Some dark clouds have gathered over the economy. Germany, a country highly reliant on Russian oil and gas, is in a particularly uncomfortable position. We do not expect a recession, but a sudden ban on imports of Russian fossil fuels could trigger one. The European Union, and especially Germany, are unlikely to risk such radical action in view of the consequences this would have on their own industrial sectors and their own citizens.
Energy transition winners
An even faster transition toward green energies is, on the other hand, imperative and it has been plain to see too. Political leaders are more willing to move in that direction now because of the war in Ukraine and the sharp increase in oil and gas prices. In Germany, for example, legislators are considering raising the country's clean energy target to 80% of its overall power mix by 2030. Such a rapid transition will not be possible without state subsidies. The previously slim profit margins of clean energy equipment manufacturers and producers are likely to widen as a result. Two of the winners among the entrepreneur companies active in this area are Burckhardt Compression, a Swiss compressor manufacturer, and Subsea7, a Norwegian provider of services to the energy sector.
An acceleration of the clean energy transition will benefit numerous companies. Renewable energy and sustainability go hand in hand. Therefore companies that are proactively pursuing a long-term ESG strategy are attractive for investors. Stora Enso is a prime example here. This Finnish company is the second-largest private forest owner in the world. It is swiftly evolving from a paper producer to a specialist for packaging, biomaterials and wood-based products. Fiber-based materials can be renewed and recycled. Today it is already possible to build high-rise buildings with more than 30 floors using wood instead of steel and concrete.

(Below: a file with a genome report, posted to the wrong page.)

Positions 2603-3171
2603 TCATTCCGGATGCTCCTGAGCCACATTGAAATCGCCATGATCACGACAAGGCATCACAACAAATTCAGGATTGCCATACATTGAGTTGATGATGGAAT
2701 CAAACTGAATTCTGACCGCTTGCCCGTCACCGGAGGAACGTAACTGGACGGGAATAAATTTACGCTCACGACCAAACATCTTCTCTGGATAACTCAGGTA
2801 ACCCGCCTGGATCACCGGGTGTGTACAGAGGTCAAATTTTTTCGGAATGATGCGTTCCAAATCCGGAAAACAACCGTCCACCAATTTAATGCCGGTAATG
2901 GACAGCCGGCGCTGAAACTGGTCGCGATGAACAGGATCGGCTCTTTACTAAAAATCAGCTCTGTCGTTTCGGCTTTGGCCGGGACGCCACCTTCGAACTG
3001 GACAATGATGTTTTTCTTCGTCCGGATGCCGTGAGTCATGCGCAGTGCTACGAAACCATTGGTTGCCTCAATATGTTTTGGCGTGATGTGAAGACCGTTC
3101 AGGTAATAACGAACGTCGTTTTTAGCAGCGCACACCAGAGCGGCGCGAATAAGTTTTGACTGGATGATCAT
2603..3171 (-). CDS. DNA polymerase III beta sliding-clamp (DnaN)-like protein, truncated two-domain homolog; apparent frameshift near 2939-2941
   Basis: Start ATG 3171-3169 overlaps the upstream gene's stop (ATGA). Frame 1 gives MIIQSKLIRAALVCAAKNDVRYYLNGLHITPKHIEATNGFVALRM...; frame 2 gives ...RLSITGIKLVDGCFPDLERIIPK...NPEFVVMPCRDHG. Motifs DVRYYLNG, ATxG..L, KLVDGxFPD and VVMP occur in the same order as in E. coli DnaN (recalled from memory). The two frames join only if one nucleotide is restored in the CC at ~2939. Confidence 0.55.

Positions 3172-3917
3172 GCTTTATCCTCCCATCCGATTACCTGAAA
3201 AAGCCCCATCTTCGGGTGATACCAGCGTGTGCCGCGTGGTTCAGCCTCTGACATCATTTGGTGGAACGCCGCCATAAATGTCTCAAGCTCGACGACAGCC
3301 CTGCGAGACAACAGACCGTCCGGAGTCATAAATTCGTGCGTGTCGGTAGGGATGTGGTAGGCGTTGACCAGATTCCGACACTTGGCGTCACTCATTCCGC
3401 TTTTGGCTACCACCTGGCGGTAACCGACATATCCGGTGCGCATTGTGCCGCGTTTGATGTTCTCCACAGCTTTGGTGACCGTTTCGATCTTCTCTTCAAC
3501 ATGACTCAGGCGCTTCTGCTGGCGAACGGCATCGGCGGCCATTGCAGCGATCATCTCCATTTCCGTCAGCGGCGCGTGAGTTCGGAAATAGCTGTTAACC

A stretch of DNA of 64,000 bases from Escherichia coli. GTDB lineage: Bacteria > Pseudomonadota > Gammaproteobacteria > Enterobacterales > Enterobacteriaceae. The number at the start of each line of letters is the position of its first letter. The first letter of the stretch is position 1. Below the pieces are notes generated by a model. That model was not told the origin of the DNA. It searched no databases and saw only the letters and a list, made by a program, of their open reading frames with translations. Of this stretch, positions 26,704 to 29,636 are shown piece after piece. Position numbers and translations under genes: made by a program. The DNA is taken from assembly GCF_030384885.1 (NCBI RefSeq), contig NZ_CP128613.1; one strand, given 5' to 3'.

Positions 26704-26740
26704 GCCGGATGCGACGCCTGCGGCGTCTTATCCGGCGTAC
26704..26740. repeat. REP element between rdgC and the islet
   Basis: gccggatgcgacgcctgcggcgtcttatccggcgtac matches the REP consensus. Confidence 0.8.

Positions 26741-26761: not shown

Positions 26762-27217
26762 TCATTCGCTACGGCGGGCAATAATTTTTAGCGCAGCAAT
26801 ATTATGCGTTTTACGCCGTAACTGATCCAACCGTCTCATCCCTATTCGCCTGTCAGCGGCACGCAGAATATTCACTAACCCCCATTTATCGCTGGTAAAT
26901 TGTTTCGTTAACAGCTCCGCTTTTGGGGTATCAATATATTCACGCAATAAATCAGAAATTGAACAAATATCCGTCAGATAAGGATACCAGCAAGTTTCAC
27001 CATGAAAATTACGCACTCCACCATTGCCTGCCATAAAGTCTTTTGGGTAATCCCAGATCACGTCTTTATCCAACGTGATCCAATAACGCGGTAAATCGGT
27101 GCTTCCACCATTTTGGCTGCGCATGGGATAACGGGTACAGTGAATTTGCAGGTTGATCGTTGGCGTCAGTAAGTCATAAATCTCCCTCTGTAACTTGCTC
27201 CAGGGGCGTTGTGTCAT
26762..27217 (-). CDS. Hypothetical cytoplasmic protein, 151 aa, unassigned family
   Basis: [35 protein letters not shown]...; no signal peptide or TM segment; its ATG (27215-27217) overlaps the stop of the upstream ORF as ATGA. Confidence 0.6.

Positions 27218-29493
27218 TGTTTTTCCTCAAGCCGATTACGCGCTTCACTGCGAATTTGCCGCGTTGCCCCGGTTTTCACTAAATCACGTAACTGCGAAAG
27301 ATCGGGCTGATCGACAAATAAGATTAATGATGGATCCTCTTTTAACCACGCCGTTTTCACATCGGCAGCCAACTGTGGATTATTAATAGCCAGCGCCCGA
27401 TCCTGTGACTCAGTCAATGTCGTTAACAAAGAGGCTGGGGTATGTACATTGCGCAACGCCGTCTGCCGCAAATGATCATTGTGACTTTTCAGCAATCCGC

Travel and leisure is another topic that offers investor opportunities. After two years of the pandemic, consumers are eager to ramp up their social lives and start traveling again. This has brightened the outlook for companies in the consumer goods, leisure and travel sectors that are fairly well-protected against inflation. Examples here include the wine and spirits producer Pernod Ricard, the Norwegian salmon farming company Bakkafrost and, in Switzerland, the watchmaker Swatch Group, Zurich Airport, and Last Minute, a still small online player offering individual travel arrangements.
Strong players about to get stronger
The range of investment opportunities is widely scattered. Focusing exclusively on defensive plays will lead to opportunity costs as investors miss out on growth opportunities, examples of which are U-Blox in Switzerland and Sopra Steria in France, two tech companies whose shares have been battered. And the opposite is true as well.
Higher interest rates will not be negative for every company either. Financial services providers and insurance companies will actually benefit from higher interest rates.
Diversification, also with respect to investment styles, is critical when markets are volatile and uncertainty is high. As growth rates subside, strong players are likely to squeeze out weak ones and become even stronger in the process. In such a scenario, with geopolitical turmoil as well as opportunities driven by structural change, owner-managed businesses are holding the right cards.